TORONTO (REUTERS) - Cyber-security firm BAE Systems said on Monday (Oct 16) that it believes the North Korean Lazarus hacking group is likely responsible for a recent cyber heist in Taiwan, the latest in a string of hacks targeting the global SWIFT messaging system.
"The likely culprit is Lazarus," BAE cyber-intelligence chief Adrian Nish told Reuters by telephone.
The British firm has previously linked Lazarus to last year's US$81 million (S$109 million) cyber heist at Bangladesh's central bank, as have other cyber firms including Russia's Kaspersky Lab and California-based Symantec.
BAE's claim that Lazarus is likely responsible for the hack on Taiwan's Far Eastern International Bank demonstrates that North Korea continues to seek to generate cash through hacking.
The Far Eastern International Bank reported that its system was hacked earlier this week, with implanted malware affecting some of its personal computers, servers and the Society for Worldwide Interbank Financial Telecommunication’s network, according to Xinhua news agency.
Hackers were found to conduct virtual transactions to move funds to other destinations while no leaks of customer information were reported.
Mr Nish said he expects the Lazarus group to continue to target banks.
"They are not just going to go away. They've built the tools. They are going to keep going back," he said.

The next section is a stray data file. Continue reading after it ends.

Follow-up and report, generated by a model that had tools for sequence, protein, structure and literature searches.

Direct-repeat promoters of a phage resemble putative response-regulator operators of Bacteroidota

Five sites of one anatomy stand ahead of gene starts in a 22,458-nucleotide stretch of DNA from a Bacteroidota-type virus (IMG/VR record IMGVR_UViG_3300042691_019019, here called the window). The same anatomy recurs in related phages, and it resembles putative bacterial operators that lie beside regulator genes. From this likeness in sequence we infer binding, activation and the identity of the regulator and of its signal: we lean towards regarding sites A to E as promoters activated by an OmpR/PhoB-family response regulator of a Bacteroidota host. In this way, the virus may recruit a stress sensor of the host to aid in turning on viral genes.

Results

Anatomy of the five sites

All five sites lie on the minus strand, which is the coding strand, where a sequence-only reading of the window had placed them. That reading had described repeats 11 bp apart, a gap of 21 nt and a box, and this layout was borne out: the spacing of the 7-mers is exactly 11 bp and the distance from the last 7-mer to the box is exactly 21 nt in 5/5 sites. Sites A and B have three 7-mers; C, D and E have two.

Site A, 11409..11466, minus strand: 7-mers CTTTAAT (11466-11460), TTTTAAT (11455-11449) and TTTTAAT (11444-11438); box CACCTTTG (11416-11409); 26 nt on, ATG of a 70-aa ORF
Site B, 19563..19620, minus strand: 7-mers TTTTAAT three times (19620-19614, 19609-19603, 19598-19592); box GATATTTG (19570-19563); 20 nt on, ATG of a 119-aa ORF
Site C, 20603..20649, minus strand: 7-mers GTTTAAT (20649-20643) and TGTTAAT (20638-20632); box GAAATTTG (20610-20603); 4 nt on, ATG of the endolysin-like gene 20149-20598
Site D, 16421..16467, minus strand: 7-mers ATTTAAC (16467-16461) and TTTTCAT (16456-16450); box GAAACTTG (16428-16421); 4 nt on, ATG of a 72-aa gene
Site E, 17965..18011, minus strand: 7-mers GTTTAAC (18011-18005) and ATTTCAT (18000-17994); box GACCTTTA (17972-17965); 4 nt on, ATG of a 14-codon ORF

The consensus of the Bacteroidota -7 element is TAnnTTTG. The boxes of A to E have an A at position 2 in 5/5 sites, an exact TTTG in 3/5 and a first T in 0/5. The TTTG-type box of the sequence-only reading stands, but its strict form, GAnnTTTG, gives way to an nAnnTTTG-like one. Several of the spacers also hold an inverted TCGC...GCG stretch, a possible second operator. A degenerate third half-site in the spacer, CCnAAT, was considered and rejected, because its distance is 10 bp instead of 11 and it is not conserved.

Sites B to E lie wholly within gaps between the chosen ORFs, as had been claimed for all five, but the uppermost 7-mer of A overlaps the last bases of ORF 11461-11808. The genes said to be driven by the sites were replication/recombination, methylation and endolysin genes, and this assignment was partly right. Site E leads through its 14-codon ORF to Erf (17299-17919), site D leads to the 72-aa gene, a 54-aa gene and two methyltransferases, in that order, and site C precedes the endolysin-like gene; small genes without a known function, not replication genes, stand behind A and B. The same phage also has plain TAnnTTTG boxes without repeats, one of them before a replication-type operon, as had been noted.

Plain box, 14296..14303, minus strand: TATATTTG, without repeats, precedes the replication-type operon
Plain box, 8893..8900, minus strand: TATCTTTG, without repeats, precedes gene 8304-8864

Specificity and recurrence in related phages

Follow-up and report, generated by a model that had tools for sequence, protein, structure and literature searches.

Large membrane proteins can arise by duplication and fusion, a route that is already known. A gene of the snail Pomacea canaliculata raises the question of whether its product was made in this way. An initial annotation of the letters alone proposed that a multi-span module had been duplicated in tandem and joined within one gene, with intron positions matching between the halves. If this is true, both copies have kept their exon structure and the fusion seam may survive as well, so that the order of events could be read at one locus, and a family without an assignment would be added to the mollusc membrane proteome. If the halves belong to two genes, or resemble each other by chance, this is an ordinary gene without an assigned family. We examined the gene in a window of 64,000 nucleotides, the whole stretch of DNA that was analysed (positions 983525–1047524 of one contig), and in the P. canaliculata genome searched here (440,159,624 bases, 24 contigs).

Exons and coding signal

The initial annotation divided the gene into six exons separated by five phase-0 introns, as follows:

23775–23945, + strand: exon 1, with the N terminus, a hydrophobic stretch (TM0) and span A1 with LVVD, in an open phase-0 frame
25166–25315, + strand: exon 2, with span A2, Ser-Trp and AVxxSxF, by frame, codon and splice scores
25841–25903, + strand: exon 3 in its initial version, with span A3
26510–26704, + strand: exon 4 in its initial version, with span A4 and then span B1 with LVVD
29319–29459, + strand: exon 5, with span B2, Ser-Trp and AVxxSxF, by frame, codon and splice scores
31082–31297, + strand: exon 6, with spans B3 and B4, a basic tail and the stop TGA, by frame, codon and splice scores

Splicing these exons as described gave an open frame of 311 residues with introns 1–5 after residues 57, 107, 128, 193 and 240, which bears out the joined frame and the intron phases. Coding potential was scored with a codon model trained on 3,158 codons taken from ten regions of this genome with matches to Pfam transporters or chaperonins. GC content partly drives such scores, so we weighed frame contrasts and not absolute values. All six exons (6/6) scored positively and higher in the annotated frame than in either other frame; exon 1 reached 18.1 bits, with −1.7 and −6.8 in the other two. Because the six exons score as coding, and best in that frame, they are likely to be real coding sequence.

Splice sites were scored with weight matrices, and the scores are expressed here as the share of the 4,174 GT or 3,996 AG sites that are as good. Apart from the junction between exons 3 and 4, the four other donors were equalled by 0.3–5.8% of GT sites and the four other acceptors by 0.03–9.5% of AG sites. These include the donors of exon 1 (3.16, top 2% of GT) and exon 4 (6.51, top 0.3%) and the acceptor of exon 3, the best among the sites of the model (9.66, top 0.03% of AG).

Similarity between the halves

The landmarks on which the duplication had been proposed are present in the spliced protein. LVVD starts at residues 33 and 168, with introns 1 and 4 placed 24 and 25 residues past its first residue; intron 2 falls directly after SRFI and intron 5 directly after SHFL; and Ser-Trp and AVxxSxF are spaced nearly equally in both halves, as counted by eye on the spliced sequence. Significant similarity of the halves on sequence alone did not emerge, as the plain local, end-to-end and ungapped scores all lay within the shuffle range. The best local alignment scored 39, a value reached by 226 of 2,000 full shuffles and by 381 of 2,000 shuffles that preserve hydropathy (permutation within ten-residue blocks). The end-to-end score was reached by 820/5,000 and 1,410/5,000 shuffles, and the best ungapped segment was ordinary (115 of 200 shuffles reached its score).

Still, he noted that the group appears to have had difficulty in pulling funds out of the banking system, after the massive Bangladesh heist, which prompted SWIFT and banks to boost security controls.
Taiwan's Central News Agency reported last week that while hackers sought to steal some US$60 million from Far Eastern Bank, all but US$500,000 had been recovered by the bank.
BAE previously disclosed that Lazarus attempted to steal money from banks in Mexico and Poland, though there is no evidence the effort succeeded.
A security executive with SWIFT, a Belgium-based co-operative owned by banks, last week told Reuters that hackers have continued to target the message system this year, though many attempts have been thwarted by the new security controls.
SWIFT declined comment on the findings, which BAE detailed in a report on its website. The report provides technical details on malware samples that BAE believes were likely used to target the Taiwan bank.